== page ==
When finding a female scientists' data turns into an archeological treasure hunt.
A few months ago, I decided it would be interesting to celebrate various scientific contributions by making images of chemical / molecular structures in the Molecule World iPad app and posting them on Twitter (@MoleculeWorld). Whenever I can, I like to ... Read more
To have an effect, a molecule must bind to a receptor and trigger a signal. Studying a receptor's structure can give us insights about the way this triggering process works.
Capsaicin is a fascinating molecule that puts the "pep" into peppers. Curiously, the amount of capsaicin in a pepper is measured with a test devised in 1912 by Wilbur Scoville. Dried peppers are dissolved in alcohol, this liquid extract is diluted in water, and trained people determine the pepper's Scoville value by "tasting" the heat.
I really wonder how these people are recruited. I like hot ... Read more
Pull a spaghetti noodle out of a box of pasta and take a look. It's long and stiff. Try to bend it and it breaks. But fresh pasta is pliable. It can fold just like cooked noodles.
When students first look at an amino acid sequence, a long string of confusing letters, they often think those letters are part of a chain like an uncooked spaghetti noodle. Stiff and unbending, with one end far from the other.
Molecular modeling apps let us demonstrate that proteins are a bit more like fresh pasta.
If we apply rainbow colors (Red Orange Yellow Blue Indigo Violet) to a protein chain, we can ... Read more
On pinene and inhibiting enzymes. People of a certain age may remember a series of really funny commercials featuring Euell Gibbons and his famous question about whether you've ever eaten a pine tree. "Some parts are edible" said Euell. Perhaps some parts are, but other pine tree products aren't so nourishing. Crystallography365, aka @Crystal_in_city had a couple of fun blog posts about pinene, ... Read more
In 1925, dogsledders raced through the frozen Alaskan bush to bring antiserum to the isolated village of Nome. The antiserum arrived in time, saved the lives of many villagers from the horrors of diphtheria, and inspired the Iditarod, a famous race in celebration of the dog sledders' heroic feat.
West Africa could use a similar effort today. Richard Harris's blog at NPR has a good story about doctors' efforts to develop and use antiserum to treat Ebola. According ... Read more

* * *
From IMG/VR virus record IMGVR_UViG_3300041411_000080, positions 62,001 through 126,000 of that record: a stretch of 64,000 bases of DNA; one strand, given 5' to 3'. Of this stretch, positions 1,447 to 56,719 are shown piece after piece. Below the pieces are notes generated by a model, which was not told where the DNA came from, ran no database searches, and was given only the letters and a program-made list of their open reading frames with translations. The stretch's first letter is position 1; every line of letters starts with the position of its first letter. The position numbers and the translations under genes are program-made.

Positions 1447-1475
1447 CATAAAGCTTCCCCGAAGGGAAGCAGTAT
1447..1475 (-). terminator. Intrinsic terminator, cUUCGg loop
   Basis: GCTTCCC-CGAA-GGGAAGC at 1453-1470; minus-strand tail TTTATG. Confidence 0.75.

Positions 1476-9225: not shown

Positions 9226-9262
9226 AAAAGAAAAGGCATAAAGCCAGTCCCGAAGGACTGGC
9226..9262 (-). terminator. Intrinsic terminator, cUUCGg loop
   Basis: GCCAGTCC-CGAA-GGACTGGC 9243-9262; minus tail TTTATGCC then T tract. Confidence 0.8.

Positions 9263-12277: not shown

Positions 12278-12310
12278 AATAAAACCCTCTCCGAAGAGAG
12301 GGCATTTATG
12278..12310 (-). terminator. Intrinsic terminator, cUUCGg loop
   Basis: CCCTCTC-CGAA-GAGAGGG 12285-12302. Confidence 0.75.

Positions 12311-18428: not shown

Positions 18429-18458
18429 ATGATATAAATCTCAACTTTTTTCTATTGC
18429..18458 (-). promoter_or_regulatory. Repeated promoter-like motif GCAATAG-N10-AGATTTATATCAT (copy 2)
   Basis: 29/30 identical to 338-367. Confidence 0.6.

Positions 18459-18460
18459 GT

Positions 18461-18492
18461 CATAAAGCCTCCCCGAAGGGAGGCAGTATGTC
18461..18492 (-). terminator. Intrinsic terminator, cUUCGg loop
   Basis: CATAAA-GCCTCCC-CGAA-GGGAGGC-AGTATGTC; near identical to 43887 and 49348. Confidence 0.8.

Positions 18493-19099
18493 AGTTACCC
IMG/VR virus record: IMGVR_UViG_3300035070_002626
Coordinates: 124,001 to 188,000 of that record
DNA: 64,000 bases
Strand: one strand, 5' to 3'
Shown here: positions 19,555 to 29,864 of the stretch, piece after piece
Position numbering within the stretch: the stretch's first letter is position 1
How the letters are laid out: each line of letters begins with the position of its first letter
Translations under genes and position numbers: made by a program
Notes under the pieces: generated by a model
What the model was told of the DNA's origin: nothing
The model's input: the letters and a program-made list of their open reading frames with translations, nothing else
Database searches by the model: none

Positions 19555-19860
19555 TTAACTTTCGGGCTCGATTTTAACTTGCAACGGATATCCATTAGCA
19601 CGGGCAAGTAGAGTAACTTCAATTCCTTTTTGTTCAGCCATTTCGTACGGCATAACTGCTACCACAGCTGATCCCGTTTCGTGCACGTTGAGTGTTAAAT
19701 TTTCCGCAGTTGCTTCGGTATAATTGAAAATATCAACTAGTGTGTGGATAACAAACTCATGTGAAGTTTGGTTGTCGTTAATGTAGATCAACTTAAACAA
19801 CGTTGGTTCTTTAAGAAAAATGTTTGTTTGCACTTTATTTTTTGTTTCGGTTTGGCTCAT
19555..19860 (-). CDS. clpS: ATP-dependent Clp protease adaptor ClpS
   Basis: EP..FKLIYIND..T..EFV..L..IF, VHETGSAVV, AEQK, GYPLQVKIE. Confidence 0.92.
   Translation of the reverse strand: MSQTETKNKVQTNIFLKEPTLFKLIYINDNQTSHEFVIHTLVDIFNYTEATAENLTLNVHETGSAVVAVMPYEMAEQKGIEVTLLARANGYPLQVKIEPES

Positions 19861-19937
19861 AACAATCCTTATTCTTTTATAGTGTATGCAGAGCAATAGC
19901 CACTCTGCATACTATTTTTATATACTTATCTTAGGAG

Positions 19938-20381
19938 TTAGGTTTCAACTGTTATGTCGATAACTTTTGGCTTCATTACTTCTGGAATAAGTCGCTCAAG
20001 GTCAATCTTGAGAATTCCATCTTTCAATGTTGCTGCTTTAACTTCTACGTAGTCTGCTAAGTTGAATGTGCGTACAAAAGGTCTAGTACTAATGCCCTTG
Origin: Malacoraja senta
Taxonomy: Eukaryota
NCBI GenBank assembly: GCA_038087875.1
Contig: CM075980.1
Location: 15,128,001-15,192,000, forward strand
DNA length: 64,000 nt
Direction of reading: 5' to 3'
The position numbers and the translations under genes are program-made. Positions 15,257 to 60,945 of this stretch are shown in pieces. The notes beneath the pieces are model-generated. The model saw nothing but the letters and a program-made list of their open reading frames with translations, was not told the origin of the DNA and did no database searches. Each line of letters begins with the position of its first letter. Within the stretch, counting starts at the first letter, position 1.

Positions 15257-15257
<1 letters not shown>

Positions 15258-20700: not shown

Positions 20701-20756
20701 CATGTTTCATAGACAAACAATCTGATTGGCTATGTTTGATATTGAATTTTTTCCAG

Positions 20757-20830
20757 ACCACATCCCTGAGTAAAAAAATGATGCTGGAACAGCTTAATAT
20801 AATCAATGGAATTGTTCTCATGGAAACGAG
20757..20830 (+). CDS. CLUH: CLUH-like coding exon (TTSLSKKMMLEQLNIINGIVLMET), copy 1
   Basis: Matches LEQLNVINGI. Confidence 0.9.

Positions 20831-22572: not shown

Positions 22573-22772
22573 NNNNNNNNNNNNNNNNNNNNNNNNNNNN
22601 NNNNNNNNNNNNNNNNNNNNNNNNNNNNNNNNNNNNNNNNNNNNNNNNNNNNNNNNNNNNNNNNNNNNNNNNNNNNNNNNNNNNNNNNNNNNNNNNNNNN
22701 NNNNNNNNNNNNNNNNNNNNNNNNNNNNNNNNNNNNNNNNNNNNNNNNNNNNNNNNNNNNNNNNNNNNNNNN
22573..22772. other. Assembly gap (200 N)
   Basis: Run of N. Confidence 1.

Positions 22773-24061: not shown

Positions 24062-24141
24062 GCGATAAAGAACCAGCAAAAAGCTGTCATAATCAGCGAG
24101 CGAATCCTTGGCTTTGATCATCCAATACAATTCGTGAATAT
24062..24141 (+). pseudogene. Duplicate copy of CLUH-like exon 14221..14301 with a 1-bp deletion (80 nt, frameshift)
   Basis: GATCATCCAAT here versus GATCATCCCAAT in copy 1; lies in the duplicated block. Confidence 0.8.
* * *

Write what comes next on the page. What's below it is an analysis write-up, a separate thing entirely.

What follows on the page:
What’s the first you think about when you see a spider? Running away? Danger? Fairies? Spiderman?
Do you wonder if spider silk is really strong enough to stop a train, like they showed in Spiderman 2?
Whatever your thoughts, you’re probably not thinking about 3D printing in space ... Read more
A key concept in science is molecular scale. DNA is a fascinating molecule in this regard.
While we cannot "see" DNA molecules without the aid of advanced technology, a full length DNA molecule can be very long. In human cells, other than sperm and eggs, six billion base pairs of DNA are packaged into 22 pairs of chromosomes, plus two sex chromosomes. Each base pair is 34 angstroms in length (.34 nanometers, or ~0.3 billionths of a meter), so six billion base pairs (all chromosomes laid out head to toe) form a chain that's two-meters long. If we could hang this DNA chain from a hook, it ... Read more
Organisms with linear chromosomes have to solve the problem that DNA replication makes them shorter. This is due to the fact that DNA polymerase can only add bases to the terminal 3'-OH of a DNA chain. The DNA replication initiation complex uses RNA primers to provide the initial 3'-OH and ... Read more
Today (4/25) is national DNA day. Digital World Biology™ is celebrating by sharing some of our favorite structures of DNA. We created these photos with Molecule World™ a new iPad app for viewing molecular structures.
As we are taught in school, the double stranded DNA molecule is a right-handed helix as determined by Watson and Crick using Franklin's x-ray diffraction images . This B- ... Read more